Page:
Deity Goes into Retirement: Tibetans Face Uncertainty in Post-Dalai Lama Era

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At 14, he decided to flee Tibet to embark on a search for the best Buddhist teacher, as he would later recount. On a December evening in 1999, he jumped out of a window at his monastery and into a waiting SUV. Traveling on horseback and on foot, he crossed icy mountains, avoided military checkpoints and eventually made the risky crossing over the border into Nepal. He arrived in Dharamsala on Jan. 5, 2000. The Karmapa has never revealed the identities of those who helped him escape. Beijing must have felt humiliated. The boy's parents and a few friends were allegedly interrogated for hours and briefly detained.

In Dharamsala, the Dalai Lama took the inquisitive boy under his wing, and he soon became a favored pupil. Speculation ran rampant after the young Karmapa was permitted to sit in the Dalai Lama's chair during his absence. He was the "only plan B that the Tibetans have," wrote the German magazine Geo, while Time was convinced that he was the "world's next top lama."

But that was before the embarrassing scandal that has now engulfed him.

Shadow of a Scandal In January, the Indian police stopped a car on a highway near Dharamsala and seized the equivalent of €150,000 in cash. The men in the vehicle claimed that it was from the Karmapa's monastery and was to be used to purchase a piece of land. Soon afterwards the Indian investigators, who had become suspicious, searched the premises at the Gyuto Monastery. They found additional cash, in various currencies, worth more than €1 million -- a sixth of it in renminbi, the official currency of the People's Republic of China. The police chief in Dharamsala claims that Chinese telephone cards were also found at the monastery, and calls them "substantial proof that points to a connection to China."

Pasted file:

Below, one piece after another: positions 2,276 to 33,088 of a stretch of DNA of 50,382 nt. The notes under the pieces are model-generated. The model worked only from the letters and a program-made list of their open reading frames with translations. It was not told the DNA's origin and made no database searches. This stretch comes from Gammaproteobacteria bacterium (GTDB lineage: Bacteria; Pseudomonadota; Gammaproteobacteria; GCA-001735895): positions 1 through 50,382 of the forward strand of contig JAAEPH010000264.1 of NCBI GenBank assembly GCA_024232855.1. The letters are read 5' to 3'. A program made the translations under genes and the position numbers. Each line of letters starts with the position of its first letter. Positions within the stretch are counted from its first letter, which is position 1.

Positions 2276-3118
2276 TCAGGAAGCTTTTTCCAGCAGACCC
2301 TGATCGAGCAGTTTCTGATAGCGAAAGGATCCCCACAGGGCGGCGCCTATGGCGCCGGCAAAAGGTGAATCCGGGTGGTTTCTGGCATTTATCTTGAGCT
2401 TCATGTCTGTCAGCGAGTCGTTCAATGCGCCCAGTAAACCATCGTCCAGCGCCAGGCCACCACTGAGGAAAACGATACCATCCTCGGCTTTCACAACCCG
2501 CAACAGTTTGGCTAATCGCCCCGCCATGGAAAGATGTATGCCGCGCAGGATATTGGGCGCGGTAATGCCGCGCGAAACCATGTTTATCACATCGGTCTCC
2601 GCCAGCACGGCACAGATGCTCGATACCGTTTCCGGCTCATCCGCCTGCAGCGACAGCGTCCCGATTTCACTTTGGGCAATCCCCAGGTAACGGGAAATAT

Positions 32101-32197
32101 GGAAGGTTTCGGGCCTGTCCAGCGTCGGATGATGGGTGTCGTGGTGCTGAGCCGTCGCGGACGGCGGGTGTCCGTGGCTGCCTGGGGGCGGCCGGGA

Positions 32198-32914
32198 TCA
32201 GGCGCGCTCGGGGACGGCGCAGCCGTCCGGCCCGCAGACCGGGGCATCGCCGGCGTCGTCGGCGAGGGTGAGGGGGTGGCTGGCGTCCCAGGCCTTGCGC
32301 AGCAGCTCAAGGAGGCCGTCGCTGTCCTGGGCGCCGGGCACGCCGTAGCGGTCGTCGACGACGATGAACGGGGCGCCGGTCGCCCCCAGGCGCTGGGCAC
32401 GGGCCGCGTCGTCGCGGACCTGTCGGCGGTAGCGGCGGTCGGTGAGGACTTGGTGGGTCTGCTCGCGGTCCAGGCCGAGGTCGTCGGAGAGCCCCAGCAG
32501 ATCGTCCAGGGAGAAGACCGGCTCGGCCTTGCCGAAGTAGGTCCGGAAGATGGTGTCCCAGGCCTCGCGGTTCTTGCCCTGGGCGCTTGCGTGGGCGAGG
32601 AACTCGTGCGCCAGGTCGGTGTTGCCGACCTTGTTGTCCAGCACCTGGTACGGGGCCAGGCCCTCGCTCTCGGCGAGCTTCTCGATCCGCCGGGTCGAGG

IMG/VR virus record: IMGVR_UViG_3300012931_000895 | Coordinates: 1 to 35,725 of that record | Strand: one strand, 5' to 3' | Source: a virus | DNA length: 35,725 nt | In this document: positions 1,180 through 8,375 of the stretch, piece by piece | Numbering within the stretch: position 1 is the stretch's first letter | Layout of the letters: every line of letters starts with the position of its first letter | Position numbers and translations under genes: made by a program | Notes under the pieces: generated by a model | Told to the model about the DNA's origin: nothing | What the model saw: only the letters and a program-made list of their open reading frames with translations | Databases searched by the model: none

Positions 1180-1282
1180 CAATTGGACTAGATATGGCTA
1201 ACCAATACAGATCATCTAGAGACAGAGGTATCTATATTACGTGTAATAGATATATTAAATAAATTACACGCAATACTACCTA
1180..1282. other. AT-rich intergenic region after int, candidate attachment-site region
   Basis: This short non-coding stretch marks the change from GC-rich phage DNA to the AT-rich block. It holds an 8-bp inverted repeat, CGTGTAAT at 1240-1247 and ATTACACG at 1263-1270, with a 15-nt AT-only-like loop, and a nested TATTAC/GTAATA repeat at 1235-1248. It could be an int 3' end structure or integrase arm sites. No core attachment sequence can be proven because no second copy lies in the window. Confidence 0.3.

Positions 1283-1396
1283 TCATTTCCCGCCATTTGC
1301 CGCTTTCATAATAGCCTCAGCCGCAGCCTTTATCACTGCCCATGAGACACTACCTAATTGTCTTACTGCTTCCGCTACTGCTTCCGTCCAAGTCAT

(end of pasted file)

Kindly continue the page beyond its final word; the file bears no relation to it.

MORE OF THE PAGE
The press in New Delhi pounced on the story. The weekly news magazine India Today devoted a cover story to the question of whether the Karmapa might be a spy for Beijing, while a headline in the respected daily newspaper The Tribune read: "Monk or Chinese Plant?"

Tibet is one of the most sensitive issues between the two major Asian powers, which sometimes play the game of "Chindia," joining forces against the West on economic issues, and yet eye each other with suspicion in other respects. India feels increasingly provoked by China, which has adopted an extremely self-confident stance when it comes to foreign policy. "They are building new airports and new rail lines near our border. Beijing is zeroing in on us from all sides," laments Prem Kumar Dhumal, the chief minister of the northern Indian state of Himachal Pradesh, where Dharamsala is located. In this climate, some would say that the idea of a "planted" spiritual troublemaker with long-term ambitions is not as far-fetched as it might sound.

The Karmapa laughs off questions about the lingering shadow of the scandal. He receives his guests in a standing position in his simple guest room on the second floor of the monastery, shifting his weight from one leg to the other, like an alert boxer before the first round. He occasionally adjusts his monk's robe, which exposes his fleshy upper arms. He looks like a chubby-cheeked Raphael angel, except for his shaved head that resembles a large billiard ball.

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